Who cares where it is made?

This is really not quite getting the point of Brexit at all. The idea being that since we’re leaving the European Union, gaining new and blue passports, we should therefore have an identity card system with biometric data and all that.

Yes, err, what?

Which is where the new passports come in. While arguing over what the new post-Brexit documents will look like and who will produce them, let us also seize the opportunity to bring in ID cards, complete with biometric data.

The threat of terrorism, the scourge of welfare fraud, above all the burden of illegal immigration all cry out for what is an overdue move. The most populous countries of Europe — Germany, Italy, Poland, Spain and France — have some form of ID card. If migrants thinking of coming to Britain illegally knew that without an ID card they could never get a job, or on to a housing list, or find school places for their children, they would think twice.

Jeebus.

The point of our leaving is that we get to not do what the Europeans do, isn’t it?

And one of the things we don’t do and they do do is that appalling event of “papers please.” It’s just not British.

But there’s much more to it than this. It’s an entire and complete change in the relationship between us and the state. Something that astonishes foreigners is that the British police cannot – OK, breached in certain ways but those very breaches still showing that the basic relationship is – stop you in the street and demand to know what you’re doing. “Going about my lawful business” is still a pure and complete response to such impertinence. They, whoever we call they they, the state, the police, them, do not have a right to know what we’re doing. We do have a right to go about as we wish without explaining ourselves. That’s the right, the relationship, which would change with the requirement to have ID. Because it is that very change itself.

The British settlement is that we the people call the state and it’s minions into being in order to help and aid us when we so desire. Other than that they can bugger off. The rather more continental one is that the people are the cattle to be managed by the state. And let’s not change that just because we’re leaving the European Union, eh?

As I said the last time ID cards were seriously suggested it’s such an appalling idea that I’d move back to Britain just so I could be jailed for refusing to have or present one.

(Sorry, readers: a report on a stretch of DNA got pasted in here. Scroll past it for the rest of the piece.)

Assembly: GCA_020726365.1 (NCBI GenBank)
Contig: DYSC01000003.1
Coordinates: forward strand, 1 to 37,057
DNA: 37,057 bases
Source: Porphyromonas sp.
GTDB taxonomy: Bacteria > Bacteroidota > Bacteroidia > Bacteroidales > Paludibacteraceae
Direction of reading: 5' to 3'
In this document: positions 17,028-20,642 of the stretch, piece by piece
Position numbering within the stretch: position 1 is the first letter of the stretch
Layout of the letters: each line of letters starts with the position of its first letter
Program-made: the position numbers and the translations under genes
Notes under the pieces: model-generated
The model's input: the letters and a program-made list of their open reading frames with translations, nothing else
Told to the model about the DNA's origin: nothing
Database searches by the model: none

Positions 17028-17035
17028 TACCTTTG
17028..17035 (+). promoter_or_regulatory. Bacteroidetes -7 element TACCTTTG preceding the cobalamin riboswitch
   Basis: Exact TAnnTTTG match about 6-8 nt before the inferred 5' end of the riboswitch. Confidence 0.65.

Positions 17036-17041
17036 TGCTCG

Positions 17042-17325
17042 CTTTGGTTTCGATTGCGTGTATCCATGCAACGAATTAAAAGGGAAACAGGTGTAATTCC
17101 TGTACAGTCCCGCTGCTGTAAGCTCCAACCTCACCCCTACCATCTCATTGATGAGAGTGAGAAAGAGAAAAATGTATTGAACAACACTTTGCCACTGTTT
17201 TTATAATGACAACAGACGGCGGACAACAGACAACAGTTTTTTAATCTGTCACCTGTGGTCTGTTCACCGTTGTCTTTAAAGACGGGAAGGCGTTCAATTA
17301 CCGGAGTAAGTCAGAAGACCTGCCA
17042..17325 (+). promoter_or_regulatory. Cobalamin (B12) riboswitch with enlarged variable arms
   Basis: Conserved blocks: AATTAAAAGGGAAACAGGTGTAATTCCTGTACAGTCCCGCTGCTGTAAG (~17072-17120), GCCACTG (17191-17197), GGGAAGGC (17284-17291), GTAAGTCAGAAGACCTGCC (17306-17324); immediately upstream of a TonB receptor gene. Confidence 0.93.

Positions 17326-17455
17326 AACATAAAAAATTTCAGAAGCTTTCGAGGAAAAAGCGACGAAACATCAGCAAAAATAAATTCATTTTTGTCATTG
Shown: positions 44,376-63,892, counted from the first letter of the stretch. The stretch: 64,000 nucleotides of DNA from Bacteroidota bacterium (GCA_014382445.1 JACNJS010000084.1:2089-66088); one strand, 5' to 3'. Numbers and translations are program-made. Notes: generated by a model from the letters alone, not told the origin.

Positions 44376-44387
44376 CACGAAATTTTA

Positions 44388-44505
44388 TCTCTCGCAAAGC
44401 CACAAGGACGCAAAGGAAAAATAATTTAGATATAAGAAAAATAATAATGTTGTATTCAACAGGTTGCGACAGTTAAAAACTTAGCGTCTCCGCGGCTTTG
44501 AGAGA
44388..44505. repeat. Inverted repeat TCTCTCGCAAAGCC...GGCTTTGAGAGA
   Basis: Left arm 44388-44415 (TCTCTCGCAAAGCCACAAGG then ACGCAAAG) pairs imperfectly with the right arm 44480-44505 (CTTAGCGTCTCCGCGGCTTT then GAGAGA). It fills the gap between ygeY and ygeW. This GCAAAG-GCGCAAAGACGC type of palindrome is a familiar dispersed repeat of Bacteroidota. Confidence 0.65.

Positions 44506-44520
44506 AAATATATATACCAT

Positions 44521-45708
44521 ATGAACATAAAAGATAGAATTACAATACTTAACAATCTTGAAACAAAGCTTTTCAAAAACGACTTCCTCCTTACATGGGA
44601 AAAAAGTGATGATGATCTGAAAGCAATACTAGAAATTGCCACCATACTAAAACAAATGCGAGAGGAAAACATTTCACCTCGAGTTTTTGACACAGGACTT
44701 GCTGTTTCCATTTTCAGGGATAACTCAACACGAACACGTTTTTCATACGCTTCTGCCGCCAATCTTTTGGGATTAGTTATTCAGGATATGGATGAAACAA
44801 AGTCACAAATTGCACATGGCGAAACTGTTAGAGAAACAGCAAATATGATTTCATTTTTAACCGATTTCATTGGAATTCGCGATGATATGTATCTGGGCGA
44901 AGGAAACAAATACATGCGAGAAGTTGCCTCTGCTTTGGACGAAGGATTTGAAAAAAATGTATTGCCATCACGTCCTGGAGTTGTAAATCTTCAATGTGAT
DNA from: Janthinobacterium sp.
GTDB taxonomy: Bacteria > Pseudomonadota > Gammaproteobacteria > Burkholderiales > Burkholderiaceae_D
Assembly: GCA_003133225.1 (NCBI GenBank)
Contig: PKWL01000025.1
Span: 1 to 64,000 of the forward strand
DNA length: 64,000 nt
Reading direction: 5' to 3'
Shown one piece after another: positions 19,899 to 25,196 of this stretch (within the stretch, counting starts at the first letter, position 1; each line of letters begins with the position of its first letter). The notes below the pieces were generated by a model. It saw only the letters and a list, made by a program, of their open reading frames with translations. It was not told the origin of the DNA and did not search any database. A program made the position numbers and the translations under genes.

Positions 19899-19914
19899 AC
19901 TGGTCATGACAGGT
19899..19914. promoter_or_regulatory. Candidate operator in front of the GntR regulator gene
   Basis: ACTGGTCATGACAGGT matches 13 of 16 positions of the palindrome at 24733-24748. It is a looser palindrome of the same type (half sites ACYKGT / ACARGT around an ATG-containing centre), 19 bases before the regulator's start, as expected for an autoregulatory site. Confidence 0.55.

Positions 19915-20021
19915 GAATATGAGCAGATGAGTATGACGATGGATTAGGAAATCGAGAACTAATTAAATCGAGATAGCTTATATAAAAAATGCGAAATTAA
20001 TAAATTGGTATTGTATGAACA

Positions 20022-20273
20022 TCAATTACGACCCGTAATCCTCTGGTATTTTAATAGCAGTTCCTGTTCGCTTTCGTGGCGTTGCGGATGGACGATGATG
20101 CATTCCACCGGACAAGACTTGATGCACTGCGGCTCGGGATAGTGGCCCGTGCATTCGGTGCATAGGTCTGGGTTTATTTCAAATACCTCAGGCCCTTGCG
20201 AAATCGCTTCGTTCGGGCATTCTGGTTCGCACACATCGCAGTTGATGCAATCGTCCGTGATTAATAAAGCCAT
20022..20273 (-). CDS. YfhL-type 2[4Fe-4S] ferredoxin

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17 COMMENTS

  1. Floated this before elsewhere but bears repeating.
    The issue of compulsory ID cards will be a one off bonanza for securing yourself a false identity. So some off us would say “Roll on!”
    Very simple. There’ll be a lot of people who don’t have documentation; birth certificates, passports, driving licenses, medical cards, now. The shifters & the drifters. The rootless & the homeless. They’ll need to be inducted into the system. And an ID card will not only be an obligation. It’ll be a right. Go exercise your rights.
    Want one in a hurry? Get down to Oxfam & tog yourself out with some tatty threads. Forget about bathing & shaving for a few days. Mouthwash with cheap whisky. Now get yourself arrested for something trivial. Start building your fake persona. As one of life’s unfortunates you’ll be handed over to the social services under the name you gave to the police. They’ll be kind enough to expedite your shiny new ID card along with, if your lucky, your entitlement to benefits & even the keys to your new, state provided, housing. Rinse & repeat in another part of the country as many times as you like, while the special offer lasts.
    Forget about the biometrics. Trying to match 65 million new biometric profiles against each of 65 million new biometric profiles is going to throw up enough false positives to clog the system solid. They’ll either have to ignore them or abandon the project & you can count on the former. For an ID card’s your rights, innit?

  2. f migrants thinking of coming to Britain illegally knew that without an ID card they could never get a job, or on to a housing list, or find school places for their children, they would think twice.

    Yeah, sure they would. What rock do you have to have been living under to believe that? I expect he doesn’t, and he’s simply lying.

  3. @TN
    S’pose, if you wanted to do the job properly, pissing in your second hand M&S Y-fronts would be a good touch. After a few hours maturing, should ensure you’re passed through the system with the maximum haste.